British Prime Minister Theresa May met Jordan's King Abdullah II Monday at the start of a three-day trip to the kingdom and Saudi Arabia focused on security and post-Brexit trade efforts.
In Jordan, May is expected to announce that British military trainers will be sent to help the country's air force fight the Islamic State group.
She will visit Saudi Arabia on Tuesday and Wednesday for talks focused on trade and investment as Britain begins the process of leaving the European Union.
Jordan's official news agency Petra reported that May met the king shortly after arrival to discuss "military cooperation between both countries", "the Syrian crisis and peace process", and "counterterrorism efforts".
They visited the headquarters of Jordan's Rapid Response Forces, where May was told about the counterterrorism unit's missions and training programmes as part of the cooperation between both countries, it said.
May said before leaving Britain that it was "clearly in the UK's security and prosperity interests to support Jordan and Saudi Arabia".
May will set out a package of measures to boost cooperation between British forces and the Royal Jordanian Air Force, which along with Britain is part of the US-led coalition bombing IS in Iraq and Syria.
It will include training carried out in Jordan and Britain to help the RJAF "improve its capability" to carry out air strikes against IS, she said.
"To tackle the threats we face from terrorism and from geopolitical instability, we must meet them at their source," May said, describing Jordan as "on the frontline of multiple regional crises".
- 'Keep British people safe' -
In the wake of last month's deadly attack on the British parliament, she said that by working with countries such as Jordan "we are helping to keep British people safe".
May said she would also discuss ways to help Jordan host a massive influx of refugees from the war in neighbouring Syria.
In Riyadh, May will focus on trade, saying ahead of her trip that there is "immense potential for Saudi investment to provide a boost to the British economy".
Britain is looking to strike new trade deals after May last week formally activated Article 50 of the Lisbon Treaty, starting a two-year countdown for quitting the European Union.
Qatar announced plans last month to invest £5 billion ($6.23 billion/5.8 billion euros) in Britain within five years.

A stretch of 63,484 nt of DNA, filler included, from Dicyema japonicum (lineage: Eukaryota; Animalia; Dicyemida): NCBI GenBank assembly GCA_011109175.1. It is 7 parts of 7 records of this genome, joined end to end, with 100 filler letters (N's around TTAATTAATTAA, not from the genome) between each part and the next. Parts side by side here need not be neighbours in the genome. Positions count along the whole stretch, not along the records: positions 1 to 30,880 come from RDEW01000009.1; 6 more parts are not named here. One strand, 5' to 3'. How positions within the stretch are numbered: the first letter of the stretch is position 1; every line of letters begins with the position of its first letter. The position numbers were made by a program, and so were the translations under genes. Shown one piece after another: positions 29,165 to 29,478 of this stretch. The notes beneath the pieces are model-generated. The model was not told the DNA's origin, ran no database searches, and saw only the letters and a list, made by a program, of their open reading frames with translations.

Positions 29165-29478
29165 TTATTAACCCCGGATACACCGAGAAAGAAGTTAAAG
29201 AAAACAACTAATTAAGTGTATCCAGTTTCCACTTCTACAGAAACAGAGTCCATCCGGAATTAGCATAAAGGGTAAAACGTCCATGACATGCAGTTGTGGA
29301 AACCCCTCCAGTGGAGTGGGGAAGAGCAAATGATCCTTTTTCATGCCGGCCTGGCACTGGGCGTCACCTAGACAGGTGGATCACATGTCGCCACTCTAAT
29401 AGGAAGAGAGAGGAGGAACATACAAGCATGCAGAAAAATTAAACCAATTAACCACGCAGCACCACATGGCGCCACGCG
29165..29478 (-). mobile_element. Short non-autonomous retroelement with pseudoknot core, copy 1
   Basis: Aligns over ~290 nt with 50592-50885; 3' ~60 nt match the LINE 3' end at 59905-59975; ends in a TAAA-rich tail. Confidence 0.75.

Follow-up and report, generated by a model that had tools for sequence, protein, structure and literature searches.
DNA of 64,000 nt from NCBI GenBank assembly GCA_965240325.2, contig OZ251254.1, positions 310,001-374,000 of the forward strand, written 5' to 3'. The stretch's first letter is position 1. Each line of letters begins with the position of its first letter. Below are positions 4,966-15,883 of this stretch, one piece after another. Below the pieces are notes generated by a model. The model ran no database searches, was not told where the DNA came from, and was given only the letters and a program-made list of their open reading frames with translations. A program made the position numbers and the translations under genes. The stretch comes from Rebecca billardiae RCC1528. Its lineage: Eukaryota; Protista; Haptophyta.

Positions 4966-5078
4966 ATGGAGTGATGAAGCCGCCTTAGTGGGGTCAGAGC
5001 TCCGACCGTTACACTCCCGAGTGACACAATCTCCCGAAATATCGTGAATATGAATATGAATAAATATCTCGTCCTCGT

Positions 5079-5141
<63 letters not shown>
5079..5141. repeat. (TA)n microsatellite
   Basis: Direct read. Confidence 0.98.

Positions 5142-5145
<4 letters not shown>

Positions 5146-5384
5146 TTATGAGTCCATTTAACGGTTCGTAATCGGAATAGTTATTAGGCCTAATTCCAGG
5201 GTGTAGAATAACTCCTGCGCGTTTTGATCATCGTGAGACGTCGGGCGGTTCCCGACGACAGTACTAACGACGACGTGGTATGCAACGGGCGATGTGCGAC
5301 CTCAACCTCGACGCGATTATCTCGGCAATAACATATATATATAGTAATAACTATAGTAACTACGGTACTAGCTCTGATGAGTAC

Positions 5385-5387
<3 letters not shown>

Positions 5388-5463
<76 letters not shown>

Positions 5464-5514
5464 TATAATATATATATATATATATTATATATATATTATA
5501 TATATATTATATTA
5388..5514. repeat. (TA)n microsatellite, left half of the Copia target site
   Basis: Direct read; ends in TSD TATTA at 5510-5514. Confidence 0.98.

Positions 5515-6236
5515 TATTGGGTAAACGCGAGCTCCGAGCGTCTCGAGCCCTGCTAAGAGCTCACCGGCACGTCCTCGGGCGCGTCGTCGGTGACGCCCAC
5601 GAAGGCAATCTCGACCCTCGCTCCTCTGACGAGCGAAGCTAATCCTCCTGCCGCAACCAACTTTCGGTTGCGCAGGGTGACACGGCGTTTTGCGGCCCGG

Saudi Arabia is also looking at boosting its foreign investments as part of a long-term plan to diversify its economy and reduce its dependence on oil revenues.
May attended a Gulf Arab summit in December in Bahrain, where she became the first woman and first British leader to address a summit of the six-nation Gulf Cooperation Council.
At the time, she said Britain would help "push back" against Iran -- a key rival of Gulf Arab nations -- and said she hoped to eventually agree an ambitious trade agreement with GCC countries.
Britain is a major arms supplier to Saudi Arabia, and has faced repeated calls to suspend sales over Riyadh's military intervention in neighbouring Yemen.
- Calls to end arms sales -
A Saudi-led coalition has been carrying out a bombing campaign in support of Yemen's internationally recognised government against Iran-backed Huthi rebels who have seized large parts of the Arabian Peninsula country.
Since the start of the campaign two years ago, more than 7,700 civilians have been killed and a further 40,000 wounded, according to the United Nations.
Seven million Yemenis now face starvation, the UN says.
Rights groups including Amnesty International and Human Rights Watch have been among organisations calling for an end to arms sales from Britain and the United States to Saudi Arabia over the coalition's actions in Yemen.
Asked if May would be raising the issue of Yemen during the visit, her spokesman said it was "not on the agenda".
"Discussions with Saudi Arabia will be mostly focused on defence and prosperity issues," the spokesman said.
"The purpose of this visit... is to look at regional challenges in the area, discuss defence and security cooperation. A large part of it will be looking at future trading and business relationships between the UK and Saudi Arabia."
On Sunday, Britain apologised after an egg was thrown at Saudi General Ahmed Assiri, the spokesman for the coalition, during a recent visit to London.
An anti-war activist last week attempted a citizen's arrest of Assiri, before another threw an egg that hit the spokesman in the back.